cards, lost and stolen cards, and card-not-present payments
Counterfeiting was down 7% in 2002, but ID
theft was up by 41%
But while Chip and Pin tackles counterfeiting, a big growth area
for fraudsters is "card-not-present" purchases, such as goods bought
on the internet and over the phone.
Fraud in this sector grew by 15% last year, accounting for losses
of £110m. Usually card details are taken from discarded receipts or
copied down without the cardholder's knowledge. In the future, says
Mr Hendry, mobile phones could be fitted with card slots, to verify
these sorts of transactions.
So does this new system spell an end to card fraud? Probably not,
admit the experts, who are locked in a cat-and-mouse game with
a card transaction is like protecting any other asset. You build
your walls based on how high is the highest ladder," says Mr Hendry.
Soon PIN pads will be appearing in most high
But the in-built flexibility of the Chip and Pin system leaves
room for improvement. One day biometric information unique to the
individual, such as fingerprint details or iris patterns, could be
stored in the card.
Other options are for signatures to disappear from the back of
cards and be digitised in the memory of the chip instead, and for
voice recognition. But such security additions are not cost
effective at this stage and the technology is not up to the job.
Further in the future, says Mr Hendry, the credit card might
shrink to the size of a thumbnail.
"After all, the chip in a card is all that's important and that's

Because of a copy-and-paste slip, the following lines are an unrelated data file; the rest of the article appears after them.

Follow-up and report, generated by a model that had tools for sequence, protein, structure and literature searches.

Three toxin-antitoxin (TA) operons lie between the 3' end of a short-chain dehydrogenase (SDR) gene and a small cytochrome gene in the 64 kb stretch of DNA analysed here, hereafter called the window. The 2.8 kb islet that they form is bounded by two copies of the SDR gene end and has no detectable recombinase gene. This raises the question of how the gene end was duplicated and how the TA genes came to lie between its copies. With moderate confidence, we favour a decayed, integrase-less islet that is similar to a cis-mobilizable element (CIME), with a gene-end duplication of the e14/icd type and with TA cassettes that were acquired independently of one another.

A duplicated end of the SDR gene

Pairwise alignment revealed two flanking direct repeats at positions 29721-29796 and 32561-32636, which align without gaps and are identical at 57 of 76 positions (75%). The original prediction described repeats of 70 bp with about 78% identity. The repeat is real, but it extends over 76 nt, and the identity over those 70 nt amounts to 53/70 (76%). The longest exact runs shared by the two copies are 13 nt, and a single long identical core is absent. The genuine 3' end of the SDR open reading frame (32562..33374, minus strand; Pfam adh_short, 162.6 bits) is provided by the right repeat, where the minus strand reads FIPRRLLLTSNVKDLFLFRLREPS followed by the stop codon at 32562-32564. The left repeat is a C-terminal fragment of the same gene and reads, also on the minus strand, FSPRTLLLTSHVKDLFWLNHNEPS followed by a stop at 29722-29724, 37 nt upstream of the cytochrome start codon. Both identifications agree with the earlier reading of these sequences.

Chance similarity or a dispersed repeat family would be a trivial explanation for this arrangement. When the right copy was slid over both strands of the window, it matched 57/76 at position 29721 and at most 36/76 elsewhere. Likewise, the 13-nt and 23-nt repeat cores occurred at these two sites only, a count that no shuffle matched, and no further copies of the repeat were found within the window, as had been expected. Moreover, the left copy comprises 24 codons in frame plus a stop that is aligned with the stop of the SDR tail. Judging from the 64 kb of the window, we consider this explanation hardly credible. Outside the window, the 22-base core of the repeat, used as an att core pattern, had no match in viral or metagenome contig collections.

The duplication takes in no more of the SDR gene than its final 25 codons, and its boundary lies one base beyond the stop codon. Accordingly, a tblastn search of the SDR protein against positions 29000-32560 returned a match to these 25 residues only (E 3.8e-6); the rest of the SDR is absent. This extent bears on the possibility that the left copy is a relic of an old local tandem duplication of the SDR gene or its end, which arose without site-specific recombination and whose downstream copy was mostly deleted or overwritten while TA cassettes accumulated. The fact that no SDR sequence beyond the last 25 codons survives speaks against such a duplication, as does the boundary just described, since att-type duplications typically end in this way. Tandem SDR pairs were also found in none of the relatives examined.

no bigger than a mobile Sim card. So you could have a contactless
card, embedded in a keyring, that you just wave in front of a
reader. It would be quicker and you would never need to hand it over
to someone else."
Add your comments to this story using the form below:
I am one of the chosen few to receive a new chip and pin card
from Lloyds bank for the trial in Northampton. So far I have enjoyed
the new experience, although it was strange at first not to sign the
receipt. It didn't take long to get used to it. I feel really safe
and happy that only I can use my card. I can't wait for it to be
Sandra P, UK
This sounds exactly like the system that has been in use in
Finland for quite a few years now.
In Portugal you need your Pin for nearly all transactions.
Only low value ones like tickets, phonecalls, etc don't need
Carla, UK, (formerly Portugal)
Switzerland has been doing the Pin card verification at
point of sale for a while - at least since we moved here in October
Adam Roscoe, Switzerland
Having used the proposed system in Belgium while posted
there for several years, it amazes me it has taken so long for it to
reach the UK.
Nick Byers, UK
When I was a student in Singapore, this system was already
in frequent use there. This technology is certainly long overdue in